Artist, Teacher and Native Culture Enthusiast
Note: To contact Sharon Directly, Email her at Sharon@polarcruises.com
Sharon joined Polar Cruises in the summer of 2006. She has traveled the world and finds Antarctica to be one of her favorites. Sharon is a transplant from San Francisco, California and Chicago, Illinois. She collects art from different native tribes, has taught in US Schools for 5 years and was in the service industry before that, including work in the travel industry.
Sharons' First Antarctica Trip
My first Antarctic experience was as a client for Polar Cruises. I was teaching 4th grade in the San Francisco Bay area. When I told my class I would be going to Antarctica their interest sparked one of those rare teachable moments. We read about the different explorers and the incredibly harsh conditions they had to endure.
So I bought my layers as advised, and I prepared to brave the cold tree barren continent. To my surprise, our particular voyage had the most beautiful, sunny, mild weather (far warmer than New York or Chicago). We hit the continent round about winter solstice. It was Antarctica summer, where the sky didn’t darken, and the twilight colors reflecting off the ice and water were a watercolor wash of violets, purples, and pinks.
There were so many memorable moment to share with you it was difficult to choose from them. Two memories in particular stand out because of their contrasts. Dressed in layers for warmth on a zodiac, we headed for Wilhelmina Bay where the captain had sighted some humpback whales. Even to the surprise of seasoned Antarctic staff, we found a pod of around fifty whales bubble net feeding!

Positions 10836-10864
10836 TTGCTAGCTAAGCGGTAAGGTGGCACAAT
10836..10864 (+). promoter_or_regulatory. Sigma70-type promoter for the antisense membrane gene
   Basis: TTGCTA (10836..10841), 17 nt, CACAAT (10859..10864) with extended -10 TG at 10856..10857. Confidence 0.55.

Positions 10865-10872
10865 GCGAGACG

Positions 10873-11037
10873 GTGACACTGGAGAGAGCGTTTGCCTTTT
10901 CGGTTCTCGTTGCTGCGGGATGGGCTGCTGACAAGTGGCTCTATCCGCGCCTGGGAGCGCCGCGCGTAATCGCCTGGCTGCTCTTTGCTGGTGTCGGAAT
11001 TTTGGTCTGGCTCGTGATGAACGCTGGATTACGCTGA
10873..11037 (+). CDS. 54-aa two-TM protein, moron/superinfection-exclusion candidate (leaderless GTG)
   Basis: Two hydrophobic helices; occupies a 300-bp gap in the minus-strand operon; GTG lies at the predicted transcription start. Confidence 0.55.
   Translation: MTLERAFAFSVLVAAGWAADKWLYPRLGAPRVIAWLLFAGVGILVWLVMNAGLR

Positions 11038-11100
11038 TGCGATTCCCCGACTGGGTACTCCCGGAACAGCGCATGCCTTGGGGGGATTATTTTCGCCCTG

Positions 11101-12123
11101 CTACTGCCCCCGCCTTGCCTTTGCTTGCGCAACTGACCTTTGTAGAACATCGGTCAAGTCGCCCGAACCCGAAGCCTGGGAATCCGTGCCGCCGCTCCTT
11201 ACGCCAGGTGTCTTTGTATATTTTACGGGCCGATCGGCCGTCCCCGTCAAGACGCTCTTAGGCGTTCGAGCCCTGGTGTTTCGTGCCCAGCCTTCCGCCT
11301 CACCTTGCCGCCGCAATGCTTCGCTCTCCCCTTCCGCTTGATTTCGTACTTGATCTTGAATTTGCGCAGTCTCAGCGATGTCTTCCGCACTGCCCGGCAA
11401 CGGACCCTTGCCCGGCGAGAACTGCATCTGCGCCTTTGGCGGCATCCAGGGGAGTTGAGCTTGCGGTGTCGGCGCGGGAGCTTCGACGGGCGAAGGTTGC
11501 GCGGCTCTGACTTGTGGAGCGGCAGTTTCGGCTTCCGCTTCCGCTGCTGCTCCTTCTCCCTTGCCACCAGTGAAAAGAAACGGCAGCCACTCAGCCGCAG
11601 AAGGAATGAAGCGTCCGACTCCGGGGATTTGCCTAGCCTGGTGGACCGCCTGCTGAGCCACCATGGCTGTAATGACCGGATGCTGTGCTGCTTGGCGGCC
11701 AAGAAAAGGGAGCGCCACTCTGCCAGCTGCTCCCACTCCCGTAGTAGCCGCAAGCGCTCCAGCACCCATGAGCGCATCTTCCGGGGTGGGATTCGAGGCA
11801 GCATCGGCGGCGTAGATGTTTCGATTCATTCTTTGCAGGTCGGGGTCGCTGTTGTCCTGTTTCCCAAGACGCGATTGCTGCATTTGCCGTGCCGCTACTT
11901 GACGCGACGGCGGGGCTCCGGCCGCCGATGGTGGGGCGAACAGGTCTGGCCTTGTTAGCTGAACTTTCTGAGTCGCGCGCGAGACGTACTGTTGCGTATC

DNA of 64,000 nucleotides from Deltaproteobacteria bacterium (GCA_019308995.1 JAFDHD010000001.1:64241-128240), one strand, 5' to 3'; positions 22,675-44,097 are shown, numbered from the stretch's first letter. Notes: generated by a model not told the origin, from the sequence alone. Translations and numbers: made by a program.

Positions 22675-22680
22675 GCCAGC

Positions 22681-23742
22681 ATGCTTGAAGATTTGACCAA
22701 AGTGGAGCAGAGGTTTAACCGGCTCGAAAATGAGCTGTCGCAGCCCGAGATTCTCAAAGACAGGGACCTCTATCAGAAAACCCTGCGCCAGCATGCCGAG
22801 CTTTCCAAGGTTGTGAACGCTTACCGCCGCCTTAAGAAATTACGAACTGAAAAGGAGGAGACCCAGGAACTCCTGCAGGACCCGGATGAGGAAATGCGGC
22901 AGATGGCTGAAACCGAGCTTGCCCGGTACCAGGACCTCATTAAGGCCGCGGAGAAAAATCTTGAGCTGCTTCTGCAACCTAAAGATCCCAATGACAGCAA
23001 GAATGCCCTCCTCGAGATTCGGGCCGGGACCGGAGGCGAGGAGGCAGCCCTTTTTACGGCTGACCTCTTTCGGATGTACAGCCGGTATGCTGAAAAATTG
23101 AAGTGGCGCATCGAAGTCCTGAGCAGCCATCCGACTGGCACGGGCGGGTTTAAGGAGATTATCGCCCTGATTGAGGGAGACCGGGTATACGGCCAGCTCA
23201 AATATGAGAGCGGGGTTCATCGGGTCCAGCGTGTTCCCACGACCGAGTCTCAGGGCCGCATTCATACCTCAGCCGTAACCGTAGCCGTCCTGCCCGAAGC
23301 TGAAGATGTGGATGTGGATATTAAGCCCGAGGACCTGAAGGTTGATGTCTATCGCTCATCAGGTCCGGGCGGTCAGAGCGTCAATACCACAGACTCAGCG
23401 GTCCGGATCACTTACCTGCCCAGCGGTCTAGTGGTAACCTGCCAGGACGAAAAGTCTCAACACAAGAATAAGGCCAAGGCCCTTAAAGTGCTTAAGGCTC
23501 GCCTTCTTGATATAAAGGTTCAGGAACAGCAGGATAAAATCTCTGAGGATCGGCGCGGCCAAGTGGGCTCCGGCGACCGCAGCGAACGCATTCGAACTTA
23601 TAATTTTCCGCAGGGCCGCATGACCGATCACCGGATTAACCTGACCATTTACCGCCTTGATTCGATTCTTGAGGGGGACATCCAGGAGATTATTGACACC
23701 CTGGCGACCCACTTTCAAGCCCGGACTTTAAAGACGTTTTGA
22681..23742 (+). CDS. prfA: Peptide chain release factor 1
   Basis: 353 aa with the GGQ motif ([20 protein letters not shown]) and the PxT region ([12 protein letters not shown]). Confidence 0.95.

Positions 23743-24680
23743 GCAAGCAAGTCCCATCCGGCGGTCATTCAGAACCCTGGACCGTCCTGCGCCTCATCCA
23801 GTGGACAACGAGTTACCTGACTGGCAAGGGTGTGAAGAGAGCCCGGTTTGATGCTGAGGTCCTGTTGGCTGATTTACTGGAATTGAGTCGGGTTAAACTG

My fourth grade class was always assigned animal research reports. Students always chose whales and dolphins, so I knew what bubble-net feeding was. The whale swims round and round blowing bubbles. This traps and pushes the krill into a densely packed space. Next, the whale opens its mouth and swims through the net it created. The water is expelled through the baleen leaving the meal behind in its mouth.
The experience I had in Wilhelmina Bay, you can’t read about in books or watch on television. It just doesn’t translate. Kelp Gulls would sit calmly on the water. Suddenly the group would noisily soar into the air and land a short ways away. As if by magic, two enormous heads would rise through the flock of gulls, and smoothly glide back into the water. Then, came the collective ahh, as a massive tail fluke would appear. The gulls were our early warning system for spotting the next Kodak moment. We spent about three hours with the group, and it was with great reluctance we returned to the ship.
Contrasted to Wilhelmina Bay was Deception Island of infamous fame. This volcanic island witnessed mass slaughter of the Antarctic whale in its day. I’m told that the water ran red in Whaler’s Bay, and the whalers could literally walk across the backs of hundreds of carcasses.
This landing also brought with it a snow storm with winds blowing sideways, and snow flakes large and wet. The deteriorating buildings and small Russian graveyard were bleached white. Huddled against the roofline of one building were three Kelp Gull chicks waiting for their parents to come back with food. A pair of Chinstrap penguins courted each other among abandoned wooden boats and large whale backbones. Life finds a way. While I was warm ( even sweating) in my modern gear, the weather helped to carry me back to another time giving me a sense of what life must have been like for the seafarers of old. These experiences are part of the reason I am now working for Polar Cruises.